5) Krömer, T. 1999. “Checklist of Bolivian Bromeliaceae with notes on species distribution and levels of endemism.” Selbyana 20(2): 201–223.
6) Smith, L.B. & R. J. Downs. 1979. “Bromelioideae (Bromeliaceae)”, Part III. Fl. Neotrop. 14(3): 1493–2142.
7) Mostacedo C., B. & Y. Uslar. 1999. “Plantas silvestres con frutos y semillas comestibles del departamento de Santa Cruz, Bolivia: un inventario preliminar.” Revista Soc. Boliv. Bot. 2(2): 203–226.
8) Angely, J. A. 1970– “Flora analítica e fitográfica do Estado de São Paulo.” (F Anal São Paulo)
9) Lasser, T., ed. 1964–. “Flora de Venezuela.” (F Venez)
10) Liberty Hyde Bailey Hortorium. 1976. Hortus third. (Hortus 3)
11) Pulle, A. A. et al., eds. 1932–. “Flora of Suriname”. (F Suriname)
12) Rauh, W. 1981. “Bromelien”. 327.
13) Smith, L. B. & R. J. Downs. 1979. “Bromelioideae (Bromeliaceae).” In: Organization for Flora Neotropica, ed., Fl. Neotrop. Monogr. 14(3):2052–2054.
14) St. John, H. 1973. “List and summary of the flowering plants in the Hawaiian islands.” (L Hawaii)
15) Kramer, Jack (1976). "Bromeliads The Colorful House Plants." Litton Educational Publishing, Inc. pp. 33; 100.
16) Padilla, Victoria (1973). "Bromeliads". New York: Crown Publishers. p. 32.
Cultivation and Propagation: Ananas bracteatus is a valuable ornamental bromeliads due to the beauty of the foliage and of the inflorescence and the facility of cultivation. There is a solid green form, but the variegated one is much more popular due to its year-round foliage colour.
Growing substrate: It requires a well-drained, aerated, porous and moisture-retentive substratum which is rich of organic substance (e.g. 2 parts peat moss to 1 part loam to 1 part sand or perlite). Use only acidic soil.
Exposition: It will grow in any exposure from full sun to full shade. Growth is faster and the leaves are more rigid in full sun..
Watering: In summer it enjoys constant moderate waterings from rain or sprinkler, but allow the plant to dry in-between waterings, and reduced in winter. However it is quite drought-tolerant. In dry and hot climate, humidity can be increased with nebulisations utilizing water at room temperature and not calcareous. Requires complete and perfect drainage as root rot can be a problem if the soil is too moist.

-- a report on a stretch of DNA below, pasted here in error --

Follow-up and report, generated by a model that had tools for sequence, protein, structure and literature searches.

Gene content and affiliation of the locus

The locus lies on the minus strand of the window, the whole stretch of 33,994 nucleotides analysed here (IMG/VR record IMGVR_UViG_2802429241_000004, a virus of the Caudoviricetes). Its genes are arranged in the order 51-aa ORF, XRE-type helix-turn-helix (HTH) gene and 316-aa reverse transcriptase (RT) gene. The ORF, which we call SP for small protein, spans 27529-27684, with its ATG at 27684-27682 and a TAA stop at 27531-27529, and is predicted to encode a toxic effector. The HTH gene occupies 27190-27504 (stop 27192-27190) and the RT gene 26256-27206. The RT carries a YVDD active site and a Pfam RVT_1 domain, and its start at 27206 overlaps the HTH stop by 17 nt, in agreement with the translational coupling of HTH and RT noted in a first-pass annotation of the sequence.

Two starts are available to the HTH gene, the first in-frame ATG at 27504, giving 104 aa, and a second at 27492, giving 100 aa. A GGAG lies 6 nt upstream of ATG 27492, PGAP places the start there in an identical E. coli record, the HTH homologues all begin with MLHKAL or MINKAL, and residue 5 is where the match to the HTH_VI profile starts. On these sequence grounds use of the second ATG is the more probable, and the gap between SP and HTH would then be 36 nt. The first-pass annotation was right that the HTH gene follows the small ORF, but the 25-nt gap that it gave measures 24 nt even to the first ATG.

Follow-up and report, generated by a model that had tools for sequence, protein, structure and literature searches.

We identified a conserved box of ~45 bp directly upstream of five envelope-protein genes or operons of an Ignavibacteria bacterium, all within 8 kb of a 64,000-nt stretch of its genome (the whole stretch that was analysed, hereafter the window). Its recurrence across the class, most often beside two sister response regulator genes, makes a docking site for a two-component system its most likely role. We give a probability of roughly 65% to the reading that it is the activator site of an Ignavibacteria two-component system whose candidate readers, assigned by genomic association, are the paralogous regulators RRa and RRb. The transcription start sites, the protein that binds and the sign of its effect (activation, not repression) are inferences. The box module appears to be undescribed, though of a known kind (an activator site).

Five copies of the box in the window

Fertilizing: Fertilize every 4-week during the growing season with a balanced fertilizer diluted to ½ the strength recommended on the label. Apply mild solutions (one-quartet strength) of foliar fertilizer at 3-month intervals to both garden and container plants.
Hardiness: It is cultivated in open air in the tropical and humid subtropical climate countries, with temperatures which it is good to keep over the 14°C, best 20-24°C , but can withstand light frost for short periods if very dry (hardy down to -2 to -6º C, even if with damage to the foliage) in these situations it will better resist if sheltered by the winter rains, seen that the humidity and low temperatures render it more sensitive to rottenness. Plants in containers however, suffered major leaf loss. USDA Zone 9b to 11
Pest & diseases: It is susceptible to scale, trips and mosquitos that will sometimes breed in the pools of water that are trapped between the leaves. Mealybugs infestations are also a frequent problem.
Pruning: Remove old leaves from plant base and dead ﬂower spikes only. Remove older plant crown when it begins to fade.
Ornamental uses: Specimen plant; mass planting; container plant; tropical foliage and colourful ﬂowers. Red Pineapple is grown in tropical gardens and is used as a security hedge because of its spiny leaves. In colder places it can be grown indoors as a houseplant in luminous and spacious locations, seen the dimensions of the plant, even if there is the tendency to select for this purpose varieties of smaller sizes. Some ornamental varieties, including variegated cultivars are very valuable landscape plants that require very little care and create exotic tropical look.
Other uses: In the origin countries, from the leaves they get particularly resistant fibres for ropes and textures; the fruit, and even more the stem, contain bromelain, a protelytic enzyme which, purified, is utilized both in pharmacology, mainly as anti inflammatory and anti oedematose, and in the alimentary industry for clarifying the bier, in tinned meat, for tendering it, and in the pre-cooked cereals.
Propagation: Remove and replant stout offshoots from the base of the parent plant. Starting from the offshots at least 3 years are needed for the blossoming. This plant also tufts quickly and easily reproduces in a vegetative way by means of the new plants which come out from the axillary gemmae placed between the leaves and on the stem under the fruit, and the “wisp” of leaves over the fruit.
Warning: The edges of the leaves have fine teeth so use extreme caution when handling.